The Great Parental Dilemma - When to seek emergency medical care!

by Cyndi Paxton Johnson

Life was much simpler when my children were nursing infants. They screamed with fear, pain, anger, boredom, illness, etc. - and my response was the same. Let them nurse. Bingo. Problem solved. 

These days when they cry I stand there like an idiot, wondering what I'm supposed to do. Nursing no longer seems to be an option - and could possibly get me arrested. But I have this deep rooted aversion to hearing my offspring cry with pain  - and I want a magic wand to make all the bad stuff go away, instantly. 

It doesn't help that most of my children have a pain threshold of negative seven.  And dubious judgement. 

Case in point: my son is known for comedic exaggeration of injuries. A neighbor has forbidden him from using their trampoline because he's always (and immediately) getting hurt on it. No bruises ever form, mind you. The day he tore up his knee in three places he calmly informed me he'd fallen and hurt his knee. I said something brilliant like "Ok" and totally ignored it. He still has the scars - and they're wide, nasty ones.

Bad Mommy.

When my oldest sliced open her palm helping me move an air conditioner I tried to stop the bleeding, then, when that didn't work, took her to the ER. Three hours later, when we finally saw the doctor, the wound resembled a mosquito bite and I looked like an idiot. The following month when I had to dig her out from under a toppled golf cart I washed the mud and blood off of her and sent her on her way. You guessed it - nasty scar on her leg.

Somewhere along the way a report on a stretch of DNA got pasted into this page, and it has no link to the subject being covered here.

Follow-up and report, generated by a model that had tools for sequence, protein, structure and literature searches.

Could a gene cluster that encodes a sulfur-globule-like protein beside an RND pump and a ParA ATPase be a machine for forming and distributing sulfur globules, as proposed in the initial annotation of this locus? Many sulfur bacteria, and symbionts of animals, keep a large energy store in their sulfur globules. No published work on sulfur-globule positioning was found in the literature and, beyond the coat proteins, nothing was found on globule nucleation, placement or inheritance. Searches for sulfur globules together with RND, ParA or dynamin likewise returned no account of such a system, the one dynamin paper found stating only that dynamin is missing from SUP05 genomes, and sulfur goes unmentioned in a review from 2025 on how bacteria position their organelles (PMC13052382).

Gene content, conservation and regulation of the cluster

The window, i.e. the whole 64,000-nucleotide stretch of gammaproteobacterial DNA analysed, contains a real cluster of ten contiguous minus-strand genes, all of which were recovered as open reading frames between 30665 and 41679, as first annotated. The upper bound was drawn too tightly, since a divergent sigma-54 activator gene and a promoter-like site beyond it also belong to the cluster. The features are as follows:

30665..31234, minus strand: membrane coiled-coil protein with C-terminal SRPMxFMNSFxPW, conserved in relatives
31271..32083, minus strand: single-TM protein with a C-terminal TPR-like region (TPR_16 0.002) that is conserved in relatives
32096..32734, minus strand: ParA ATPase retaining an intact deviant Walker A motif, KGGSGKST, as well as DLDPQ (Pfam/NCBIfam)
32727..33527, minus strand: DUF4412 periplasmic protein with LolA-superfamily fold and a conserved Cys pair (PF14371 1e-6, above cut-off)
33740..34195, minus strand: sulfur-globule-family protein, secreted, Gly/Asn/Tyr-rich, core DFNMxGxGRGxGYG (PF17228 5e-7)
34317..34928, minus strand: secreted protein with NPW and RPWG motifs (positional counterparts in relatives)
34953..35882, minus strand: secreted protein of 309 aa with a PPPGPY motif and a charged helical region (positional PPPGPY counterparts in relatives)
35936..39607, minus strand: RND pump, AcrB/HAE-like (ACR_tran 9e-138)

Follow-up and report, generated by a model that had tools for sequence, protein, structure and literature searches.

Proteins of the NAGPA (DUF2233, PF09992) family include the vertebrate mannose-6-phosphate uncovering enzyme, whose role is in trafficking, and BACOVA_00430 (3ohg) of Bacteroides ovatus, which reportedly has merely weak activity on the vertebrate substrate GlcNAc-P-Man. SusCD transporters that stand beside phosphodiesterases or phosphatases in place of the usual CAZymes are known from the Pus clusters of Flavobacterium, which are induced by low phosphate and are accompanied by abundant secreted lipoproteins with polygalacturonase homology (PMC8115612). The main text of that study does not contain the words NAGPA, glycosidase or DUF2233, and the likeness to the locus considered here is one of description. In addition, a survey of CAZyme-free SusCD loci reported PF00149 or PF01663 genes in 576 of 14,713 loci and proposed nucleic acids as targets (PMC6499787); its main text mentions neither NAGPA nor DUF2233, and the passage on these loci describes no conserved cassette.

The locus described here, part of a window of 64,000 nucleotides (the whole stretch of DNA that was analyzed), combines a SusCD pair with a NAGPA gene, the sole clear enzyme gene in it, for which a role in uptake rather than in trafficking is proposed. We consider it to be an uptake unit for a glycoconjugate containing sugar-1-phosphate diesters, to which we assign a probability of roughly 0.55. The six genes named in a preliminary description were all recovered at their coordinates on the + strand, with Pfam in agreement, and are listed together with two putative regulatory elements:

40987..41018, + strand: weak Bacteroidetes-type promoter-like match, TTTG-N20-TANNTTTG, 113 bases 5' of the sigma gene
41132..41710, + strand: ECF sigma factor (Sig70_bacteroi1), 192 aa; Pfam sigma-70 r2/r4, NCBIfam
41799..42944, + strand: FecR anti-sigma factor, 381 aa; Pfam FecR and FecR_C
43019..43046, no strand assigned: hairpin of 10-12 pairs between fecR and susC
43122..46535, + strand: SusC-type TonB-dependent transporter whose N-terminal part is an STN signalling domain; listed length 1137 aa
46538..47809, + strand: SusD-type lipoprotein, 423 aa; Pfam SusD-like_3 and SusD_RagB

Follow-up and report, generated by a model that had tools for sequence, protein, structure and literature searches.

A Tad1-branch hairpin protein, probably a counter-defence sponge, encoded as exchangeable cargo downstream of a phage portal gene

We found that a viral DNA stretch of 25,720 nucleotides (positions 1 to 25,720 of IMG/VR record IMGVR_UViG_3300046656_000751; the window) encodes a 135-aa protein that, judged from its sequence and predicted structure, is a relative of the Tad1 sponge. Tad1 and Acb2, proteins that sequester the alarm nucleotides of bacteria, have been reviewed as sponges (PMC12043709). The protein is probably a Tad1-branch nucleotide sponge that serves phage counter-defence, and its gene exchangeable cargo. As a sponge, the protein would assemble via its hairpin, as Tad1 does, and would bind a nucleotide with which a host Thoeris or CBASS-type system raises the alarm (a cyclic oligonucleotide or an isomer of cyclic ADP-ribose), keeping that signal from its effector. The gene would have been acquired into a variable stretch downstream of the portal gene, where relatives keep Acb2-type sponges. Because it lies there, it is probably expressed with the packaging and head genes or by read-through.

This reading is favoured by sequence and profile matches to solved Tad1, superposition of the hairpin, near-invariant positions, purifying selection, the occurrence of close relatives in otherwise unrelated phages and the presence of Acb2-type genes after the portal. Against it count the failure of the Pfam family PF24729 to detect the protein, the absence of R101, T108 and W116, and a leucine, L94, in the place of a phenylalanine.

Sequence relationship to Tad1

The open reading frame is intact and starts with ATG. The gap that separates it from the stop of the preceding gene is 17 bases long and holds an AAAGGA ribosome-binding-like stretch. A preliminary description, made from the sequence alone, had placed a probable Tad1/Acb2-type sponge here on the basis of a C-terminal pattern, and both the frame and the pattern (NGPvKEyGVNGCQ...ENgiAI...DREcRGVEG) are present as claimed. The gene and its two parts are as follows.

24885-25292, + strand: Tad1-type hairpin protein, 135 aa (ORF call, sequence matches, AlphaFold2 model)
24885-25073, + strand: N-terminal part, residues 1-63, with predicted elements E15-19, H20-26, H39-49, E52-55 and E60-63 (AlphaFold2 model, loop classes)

I just can't win. It would help if my kids would have the decency to injure themselves during their doctor's office hours.  But they're more likely to decide they're dying on a Friday evening of a holiday weekend.

And what about when there's no blood, just pain? I've taken my daughter to the ER after she's screamed for three hours with stomach pains and, after losing 3/4 of a day find out there is nothing wrong with her. (and while the nurses are very nice - I feel like an idiot) But I can't handle their pain - and am terrified that THIS time, unlike the preceding 317 times, it will be serious and they really NEED emergency care. 

This past weekend my daughter pulled the screaming in agony card - again. Her shoulder hurt Friday night and Saturday morning, and I applied heat and went on my merry way. By the time I arrived home she had been screaming and crying for two plus hours - but hadn't been able to reach me via cell (she called the wrong number). The tears, combined with my guilt, had us heading for our home away from home - the ER room at Union Hospital in Elkton, MD.  The ER parking lot was PACKED, and was the waiting room. We signed in and found seats, while listening to folks complain about how long they had been waiting. I groaned and hauled out the Kindle to read. This hospital is good about triage, and within 15 minutes we were seeing the triage nurse (the long wait comes after this, unless your have symptoms of heart attack, stroke, or kidney stones. Then you get fast-tracked). 

It turnes out that just TWO days previously, Union Hospital had unveiled a pediatric ER - and we were sent there immediately following triage. No other pediatric patients so we were put in a room immediately (my tall daughter's feet almost fell off the bottom of the pint-sized bed).

Within 10 minutes she'd had an xray, and 10 minutes after that we knew she'd pulled a shoulder muscle during gym the day before. And that I, in my brilliant use of heat, had made it hurt more. One applies ice to pulled muscles, apparently. One hour and fifteen minutes after pulling up to the ER we were on the way home with a presecription and a gym excuse. We were both thrilled. The same people were STILL in the regular ER waiting room.....I tried to make a sad, sympathetic face as we strolled by. 

I still don't have any advice about WHEN to take your kid to the ER - except maybe ask me MY opinion, then do the exact opposite. That would work. I DO know that when an ER is needed, the pediatric ER at Union Hospital in Elkton is the place to go! Thank you seventh-grader Thomas McCusker, who set the whole project in motion and spear-headed donations; and thank you to local businesses who contributed so generously! 

Cecil Whig Photo by Adelma Gregory-Bunnell

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